In preparing the detection matrix containing an autocatalytic detector, the solid signaling composition, about 0.75 to I25 g of silica gel is thoroughly mixed with the said solid composition, previously described, and then inserting the final mixture as the matrix into the glass cylinder; the ends of the cylinder are sealed off by heating, for example, and prior to use, the ends are broken off exposing the matrix for receiving the vapor agent through the plugs. Utilizing the liquid signaling composition in lieu of said solid composition in preparing the matrix, the inert adsorbent is first inserted into the glass cylinder, closing the glass ends with organdy plugs, then impregnating the adsorbent with one (I) drop of the prepared signaling composition through the plugs and subsequently drawing unpolluted air through the detection matrix thus removing the solvent, and the matrix is now ready for use.

The monitoring system utilizing the liquid signaling composition is more readily usable and less cumbersome when employed in laboratory as compared with mobile field use in view of the fact that the separate components must be mixed just prior to impregnating the adsorbent and the short time duration for use, about l0 minutes, after preparing the detection matrix. However, in field use as encountered by the military forces in combat areas, the employment of the solid sig naling composition is an obviously more practical choice.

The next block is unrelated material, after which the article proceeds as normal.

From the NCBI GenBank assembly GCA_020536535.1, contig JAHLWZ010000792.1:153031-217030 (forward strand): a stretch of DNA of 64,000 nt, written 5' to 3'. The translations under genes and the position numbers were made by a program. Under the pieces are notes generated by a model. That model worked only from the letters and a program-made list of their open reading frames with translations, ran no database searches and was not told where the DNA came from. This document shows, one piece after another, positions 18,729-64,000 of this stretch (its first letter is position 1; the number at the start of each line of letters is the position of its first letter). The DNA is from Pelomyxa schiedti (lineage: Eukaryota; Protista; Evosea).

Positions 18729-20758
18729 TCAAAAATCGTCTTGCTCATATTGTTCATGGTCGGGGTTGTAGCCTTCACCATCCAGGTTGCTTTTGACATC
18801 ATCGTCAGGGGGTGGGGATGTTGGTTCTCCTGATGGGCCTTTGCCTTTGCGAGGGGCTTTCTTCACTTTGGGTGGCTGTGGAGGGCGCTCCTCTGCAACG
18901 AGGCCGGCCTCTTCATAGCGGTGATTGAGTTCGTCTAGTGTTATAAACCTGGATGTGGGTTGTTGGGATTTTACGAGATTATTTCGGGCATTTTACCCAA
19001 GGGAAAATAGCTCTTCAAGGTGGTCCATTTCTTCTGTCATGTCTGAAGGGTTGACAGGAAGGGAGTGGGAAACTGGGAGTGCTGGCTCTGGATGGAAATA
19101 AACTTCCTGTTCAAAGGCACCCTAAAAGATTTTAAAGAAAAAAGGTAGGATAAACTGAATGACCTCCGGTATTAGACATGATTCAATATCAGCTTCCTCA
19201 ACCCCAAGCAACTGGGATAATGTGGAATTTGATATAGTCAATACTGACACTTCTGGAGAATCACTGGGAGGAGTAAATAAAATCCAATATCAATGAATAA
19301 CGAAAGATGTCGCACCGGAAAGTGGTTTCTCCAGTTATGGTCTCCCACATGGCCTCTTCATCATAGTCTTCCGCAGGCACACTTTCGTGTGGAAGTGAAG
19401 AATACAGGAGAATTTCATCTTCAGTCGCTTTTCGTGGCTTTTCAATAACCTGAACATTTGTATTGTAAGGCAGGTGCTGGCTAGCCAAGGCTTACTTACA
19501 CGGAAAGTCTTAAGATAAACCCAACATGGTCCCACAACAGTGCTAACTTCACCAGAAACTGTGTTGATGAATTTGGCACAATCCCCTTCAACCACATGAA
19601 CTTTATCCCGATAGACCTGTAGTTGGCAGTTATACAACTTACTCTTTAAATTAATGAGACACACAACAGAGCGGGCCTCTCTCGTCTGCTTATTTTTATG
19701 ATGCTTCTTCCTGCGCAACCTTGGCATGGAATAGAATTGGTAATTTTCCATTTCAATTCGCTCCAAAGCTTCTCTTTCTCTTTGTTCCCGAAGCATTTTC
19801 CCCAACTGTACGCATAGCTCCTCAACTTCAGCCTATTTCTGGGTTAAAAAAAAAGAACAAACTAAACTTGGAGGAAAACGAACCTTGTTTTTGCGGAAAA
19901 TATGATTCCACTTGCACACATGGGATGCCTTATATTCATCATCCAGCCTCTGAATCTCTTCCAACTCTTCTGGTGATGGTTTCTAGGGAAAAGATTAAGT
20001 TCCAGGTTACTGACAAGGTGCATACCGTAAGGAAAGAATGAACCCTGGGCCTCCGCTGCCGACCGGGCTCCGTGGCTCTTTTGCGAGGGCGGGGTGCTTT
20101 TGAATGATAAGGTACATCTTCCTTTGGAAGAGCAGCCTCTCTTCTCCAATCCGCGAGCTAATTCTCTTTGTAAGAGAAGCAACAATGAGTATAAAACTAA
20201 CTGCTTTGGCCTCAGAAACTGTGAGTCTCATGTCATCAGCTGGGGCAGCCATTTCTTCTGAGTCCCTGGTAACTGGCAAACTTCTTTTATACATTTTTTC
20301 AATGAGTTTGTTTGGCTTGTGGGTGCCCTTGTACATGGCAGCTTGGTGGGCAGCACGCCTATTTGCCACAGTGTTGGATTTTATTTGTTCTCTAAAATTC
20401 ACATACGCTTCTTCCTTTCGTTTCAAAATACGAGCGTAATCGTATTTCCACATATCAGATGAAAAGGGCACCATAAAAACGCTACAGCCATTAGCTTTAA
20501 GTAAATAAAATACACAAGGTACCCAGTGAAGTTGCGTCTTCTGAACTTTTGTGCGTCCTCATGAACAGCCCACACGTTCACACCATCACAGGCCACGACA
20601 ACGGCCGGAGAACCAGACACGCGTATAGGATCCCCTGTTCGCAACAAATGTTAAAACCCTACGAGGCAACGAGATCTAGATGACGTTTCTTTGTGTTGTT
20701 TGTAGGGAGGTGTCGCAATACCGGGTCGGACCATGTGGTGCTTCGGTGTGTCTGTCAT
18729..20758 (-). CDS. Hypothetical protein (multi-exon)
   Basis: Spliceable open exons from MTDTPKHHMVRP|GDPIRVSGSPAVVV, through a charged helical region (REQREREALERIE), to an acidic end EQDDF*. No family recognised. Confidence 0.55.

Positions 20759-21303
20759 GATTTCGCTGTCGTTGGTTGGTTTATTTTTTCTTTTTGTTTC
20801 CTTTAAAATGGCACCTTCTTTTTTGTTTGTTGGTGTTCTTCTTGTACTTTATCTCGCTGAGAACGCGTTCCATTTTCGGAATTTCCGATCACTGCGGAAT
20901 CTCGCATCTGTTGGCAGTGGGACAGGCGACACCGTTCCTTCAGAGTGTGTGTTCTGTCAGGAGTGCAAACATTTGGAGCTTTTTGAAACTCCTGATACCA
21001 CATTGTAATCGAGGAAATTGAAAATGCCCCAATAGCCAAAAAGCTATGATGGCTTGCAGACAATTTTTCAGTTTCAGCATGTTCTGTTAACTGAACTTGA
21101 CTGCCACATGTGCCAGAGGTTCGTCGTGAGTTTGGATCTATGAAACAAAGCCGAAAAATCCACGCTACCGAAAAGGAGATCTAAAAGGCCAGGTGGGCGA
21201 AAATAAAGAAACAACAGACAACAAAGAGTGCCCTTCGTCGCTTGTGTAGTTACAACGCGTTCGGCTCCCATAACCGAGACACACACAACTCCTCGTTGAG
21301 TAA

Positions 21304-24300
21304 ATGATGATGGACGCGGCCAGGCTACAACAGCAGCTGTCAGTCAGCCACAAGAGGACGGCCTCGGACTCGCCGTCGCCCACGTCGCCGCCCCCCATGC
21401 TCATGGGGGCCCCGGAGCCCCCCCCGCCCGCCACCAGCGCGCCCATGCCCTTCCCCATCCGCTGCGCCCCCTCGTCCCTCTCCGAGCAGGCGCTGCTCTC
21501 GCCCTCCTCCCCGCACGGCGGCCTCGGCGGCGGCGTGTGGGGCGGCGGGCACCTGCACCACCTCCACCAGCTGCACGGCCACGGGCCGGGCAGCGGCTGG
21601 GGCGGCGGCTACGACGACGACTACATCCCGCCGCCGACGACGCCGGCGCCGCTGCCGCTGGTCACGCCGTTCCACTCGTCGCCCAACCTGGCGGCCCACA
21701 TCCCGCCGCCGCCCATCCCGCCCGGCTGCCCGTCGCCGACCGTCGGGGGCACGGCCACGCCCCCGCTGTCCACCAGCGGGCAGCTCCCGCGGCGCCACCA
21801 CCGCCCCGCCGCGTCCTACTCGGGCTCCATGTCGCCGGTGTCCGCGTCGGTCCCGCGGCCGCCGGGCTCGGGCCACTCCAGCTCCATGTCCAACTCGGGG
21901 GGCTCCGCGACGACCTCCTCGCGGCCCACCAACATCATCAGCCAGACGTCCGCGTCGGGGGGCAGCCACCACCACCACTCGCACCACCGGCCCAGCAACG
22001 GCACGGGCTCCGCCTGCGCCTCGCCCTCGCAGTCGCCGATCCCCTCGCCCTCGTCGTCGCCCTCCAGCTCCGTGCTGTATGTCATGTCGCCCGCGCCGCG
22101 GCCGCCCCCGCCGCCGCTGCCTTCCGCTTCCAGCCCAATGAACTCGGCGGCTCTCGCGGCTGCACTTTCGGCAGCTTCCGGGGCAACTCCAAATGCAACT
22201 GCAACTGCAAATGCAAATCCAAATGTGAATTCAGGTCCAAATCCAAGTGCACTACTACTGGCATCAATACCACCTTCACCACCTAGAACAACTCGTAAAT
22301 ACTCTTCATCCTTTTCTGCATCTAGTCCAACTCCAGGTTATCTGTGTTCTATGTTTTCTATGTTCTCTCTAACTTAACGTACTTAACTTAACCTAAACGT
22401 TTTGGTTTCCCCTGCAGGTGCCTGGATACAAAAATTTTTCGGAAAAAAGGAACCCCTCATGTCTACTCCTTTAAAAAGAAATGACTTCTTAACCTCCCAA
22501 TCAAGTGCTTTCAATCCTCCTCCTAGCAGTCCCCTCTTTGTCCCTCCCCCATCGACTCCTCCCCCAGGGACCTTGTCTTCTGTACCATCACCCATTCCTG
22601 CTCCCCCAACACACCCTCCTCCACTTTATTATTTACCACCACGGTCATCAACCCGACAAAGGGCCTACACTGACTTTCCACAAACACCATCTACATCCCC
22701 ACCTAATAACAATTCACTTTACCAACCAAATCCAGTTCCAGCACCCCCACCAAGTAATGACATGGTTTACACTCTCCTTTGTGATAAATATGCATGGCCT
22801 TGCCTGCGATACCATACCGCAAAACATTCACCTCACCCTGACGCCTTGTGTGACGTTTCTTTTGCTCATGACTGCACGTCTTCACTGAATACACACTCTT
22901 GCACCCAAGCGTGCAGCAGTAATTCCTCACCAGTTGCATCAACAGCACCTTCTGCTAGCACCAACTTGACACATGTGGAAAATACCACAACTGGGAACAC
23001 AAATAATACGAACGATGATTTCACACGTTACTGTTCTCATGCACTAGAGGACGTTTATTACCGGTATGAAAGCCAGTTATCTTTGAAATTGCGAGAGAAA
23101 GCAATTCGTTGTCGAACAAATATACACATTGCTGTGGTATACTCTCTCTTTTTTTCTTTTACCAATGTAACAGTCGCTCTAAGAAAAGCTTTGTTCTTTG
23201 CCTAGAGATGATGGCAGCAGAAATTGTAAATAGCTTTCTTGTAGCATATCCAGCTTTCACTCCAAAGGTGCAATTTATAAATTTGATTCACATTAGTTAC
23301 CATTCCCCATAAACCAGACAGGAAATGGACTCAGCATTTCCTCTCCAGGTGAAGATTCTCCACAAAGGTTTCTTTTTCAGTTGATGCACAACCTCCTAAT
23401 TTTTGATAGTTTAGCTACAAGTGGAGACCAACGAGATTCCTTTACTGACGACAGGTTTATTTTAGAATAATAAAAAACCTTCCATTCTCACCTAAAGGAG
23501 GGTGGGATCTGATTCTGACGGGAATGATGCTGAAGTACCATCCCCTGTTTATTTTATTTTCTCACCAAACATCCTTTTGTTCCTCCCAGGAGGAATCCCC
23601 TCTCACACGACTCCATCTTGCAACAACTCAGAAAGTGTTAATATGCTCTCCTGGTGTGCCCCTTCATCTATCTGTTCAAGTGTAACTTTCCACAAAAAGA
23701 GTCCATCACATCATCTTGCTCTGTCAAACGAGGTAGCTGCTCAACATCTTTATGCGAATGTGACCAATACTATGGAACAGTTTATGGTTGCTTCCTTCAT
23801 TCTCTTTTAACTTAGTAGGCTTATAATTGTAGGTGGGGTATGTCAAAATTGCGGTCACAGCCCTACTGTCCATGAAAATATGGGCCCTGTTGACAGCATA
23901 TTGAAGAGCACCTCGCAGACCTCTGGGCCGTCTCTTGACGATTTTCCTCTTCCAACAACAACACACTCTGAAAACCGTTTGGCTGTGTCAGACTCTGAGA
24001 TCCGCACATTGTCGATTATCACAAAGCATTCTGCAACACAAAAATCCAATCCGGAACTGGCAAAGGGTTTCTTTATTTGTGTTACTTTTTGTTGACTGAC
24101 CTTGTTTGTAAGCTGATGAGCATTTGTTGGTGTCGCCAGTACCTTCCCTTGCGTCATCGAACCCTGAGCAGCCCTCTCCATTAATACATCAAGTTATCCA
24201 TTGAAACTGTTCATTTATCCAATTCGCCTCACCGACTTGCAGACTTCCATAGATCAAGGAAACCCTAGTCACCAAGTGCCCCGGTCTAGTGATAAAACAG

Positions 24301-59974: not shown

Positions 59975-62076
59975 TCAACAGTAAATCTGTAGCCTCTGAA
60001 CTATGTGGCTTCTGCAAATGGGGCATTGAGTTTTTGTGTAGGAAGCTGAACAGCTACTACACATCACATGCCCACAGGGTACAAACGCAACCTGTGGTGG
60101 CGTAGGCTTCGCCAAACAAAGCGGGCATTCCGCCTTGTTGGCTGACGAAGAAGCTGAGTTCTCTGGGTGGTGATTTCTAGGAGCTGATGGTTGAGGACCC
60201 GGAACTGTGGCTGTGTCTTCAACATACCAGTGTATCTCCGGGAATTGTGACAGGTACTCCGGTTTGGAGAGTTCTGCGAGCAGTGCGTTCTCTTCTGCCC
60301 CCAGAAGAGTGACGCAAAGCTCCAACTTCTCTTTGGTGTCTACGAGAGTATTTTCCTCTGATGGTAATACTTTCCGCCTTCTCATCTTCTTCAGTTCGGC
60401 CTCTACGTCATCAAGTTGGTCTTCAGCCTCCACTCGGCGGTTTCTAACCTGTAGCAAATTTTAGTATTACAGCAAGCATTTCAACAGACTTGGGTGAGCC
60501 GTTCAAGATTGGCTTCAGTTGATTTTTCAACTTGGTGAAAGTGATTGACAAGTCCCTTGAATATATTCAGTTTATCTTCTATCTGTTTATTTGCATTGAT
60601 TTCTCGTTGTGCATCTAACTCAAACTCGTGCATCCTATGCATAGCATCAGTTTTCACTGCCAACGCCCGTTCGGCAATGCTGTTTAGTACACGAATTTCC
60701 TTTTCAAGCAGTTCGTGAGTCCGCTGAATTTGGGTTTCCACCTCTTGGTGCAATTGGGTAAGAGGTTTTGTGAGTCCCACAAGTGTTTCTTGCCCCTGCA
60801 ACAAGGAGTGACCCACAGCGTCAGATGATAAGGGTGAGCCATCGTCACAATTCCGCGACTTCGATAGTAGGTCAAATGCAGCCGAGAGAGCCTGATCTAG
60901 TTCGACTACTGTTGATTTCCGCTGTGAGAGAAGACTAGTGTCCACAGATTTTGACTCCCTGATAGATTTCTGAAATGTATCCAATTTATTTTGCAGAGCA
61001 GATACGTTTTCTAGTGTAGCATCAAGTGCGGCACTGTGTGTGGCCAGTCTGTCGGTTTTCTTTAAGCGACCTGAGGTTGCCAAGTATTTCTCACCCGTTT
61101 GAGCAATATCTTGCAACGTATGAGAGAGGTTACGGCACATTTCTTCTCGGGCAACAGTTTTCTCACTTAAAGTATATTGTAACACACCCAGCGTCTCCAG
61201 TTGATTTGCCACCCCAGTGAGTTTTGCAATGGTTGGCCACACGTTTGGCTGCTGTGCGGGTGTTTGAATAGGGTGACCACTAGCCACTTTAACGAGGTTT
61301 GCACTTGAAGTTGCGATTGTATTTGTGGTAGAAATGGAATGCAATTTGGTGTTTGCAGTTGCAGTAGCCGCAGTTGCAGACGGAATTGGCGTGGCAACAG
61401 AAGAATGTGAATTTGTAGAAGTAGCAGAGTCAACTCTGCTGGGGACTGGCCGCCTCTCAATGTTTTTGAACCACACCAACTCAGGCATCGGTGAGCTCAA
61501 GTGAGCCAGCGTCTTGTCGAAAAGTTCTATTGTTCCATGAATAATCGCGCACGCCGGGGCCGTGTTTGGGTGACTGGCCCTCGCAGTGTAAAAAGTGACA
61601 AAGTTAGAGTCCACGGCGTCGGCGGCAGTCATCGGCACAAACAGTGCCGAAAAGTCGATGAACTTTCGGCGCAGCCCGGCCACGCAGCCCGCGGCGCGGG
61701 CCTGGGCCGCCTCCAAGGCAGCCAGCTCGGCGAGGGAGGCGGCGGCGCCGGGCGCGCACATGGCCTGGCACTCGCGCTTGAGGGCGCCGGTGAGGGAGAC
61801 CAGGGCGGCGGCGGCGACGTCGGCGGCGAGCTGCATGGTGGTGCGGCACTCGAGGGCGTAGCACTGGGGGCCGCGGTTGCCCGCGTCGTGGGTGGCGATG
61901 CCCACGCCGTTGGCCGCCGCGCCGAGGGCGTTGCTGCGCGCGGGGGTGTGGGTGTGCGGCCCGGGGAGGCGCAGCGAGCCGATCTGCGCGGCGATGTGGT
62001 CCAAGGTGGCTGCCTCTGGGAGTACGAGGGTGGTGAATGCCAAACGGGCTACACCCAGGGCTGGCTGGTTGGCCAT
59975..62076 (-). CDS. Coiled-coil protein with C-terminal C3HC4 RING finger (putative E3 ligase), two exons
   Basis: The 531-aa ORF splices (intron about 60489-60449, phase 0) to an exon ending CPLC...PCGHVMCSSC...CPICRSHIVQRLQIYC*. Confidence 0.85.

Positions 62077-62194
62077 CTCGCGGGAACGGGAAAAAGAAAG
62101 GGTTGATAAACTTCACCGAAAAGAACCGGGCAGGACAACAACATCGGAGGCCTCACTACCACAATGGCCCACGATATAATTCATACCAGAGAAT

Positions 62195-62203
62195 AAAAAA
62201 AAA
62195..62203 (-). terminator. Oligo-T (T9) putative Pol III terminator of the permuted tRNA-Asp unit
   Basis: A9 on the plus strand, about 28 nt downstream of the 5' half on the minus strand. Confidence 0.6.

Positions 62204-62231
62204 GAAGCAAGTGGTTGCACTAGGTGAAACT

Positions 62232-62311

The following compounds are inoperative to produce an influencing catalytic mechanism functioning in a dual capacity for a multicyclic procedure for our monitoring system due to high blanks. lsonitrosoacetylacetone, diisonitrosoacetone, and oximes of 3- pyridineglyoxal monoxime, 4-pyridinealdoxime, monoisonitrosoacetone oxime, a-oximino-acyanoacetophenone or phenylgloxaldoxime.

The apparatus employed for indicating the presence of the toxic material is disclosed by Crabtree et a1, Talanta, l4, 857 I967). The apparatus can be assembled from equipment readily available in the laboratory. In the following description, the lettered components correspond to the same component in the apparatus description in the aforementioned Talanta publication. A 2X9 cm test tube B, with a capacity of about l2 ml is fitted with l9/38 standard taper joint with an adapter C, supporting a side-arm air inlet A, length of glass tubing extending to about 5 to 10 mm from the bottom of test tube. The detection tube D, containing the detection matrix is connected by a short length of rubber tubing to the upper end of the glass tubing. The air sample through the air inlet is drawn through the matrix by compressing a rubber bulb E, fitted with a one-way valve. The tube D, is removed and a drop of 0.5 N alkali metal hydroxide, sodium or potassium, is added to the matrix and its contents whereby a blue color indicates a positive test.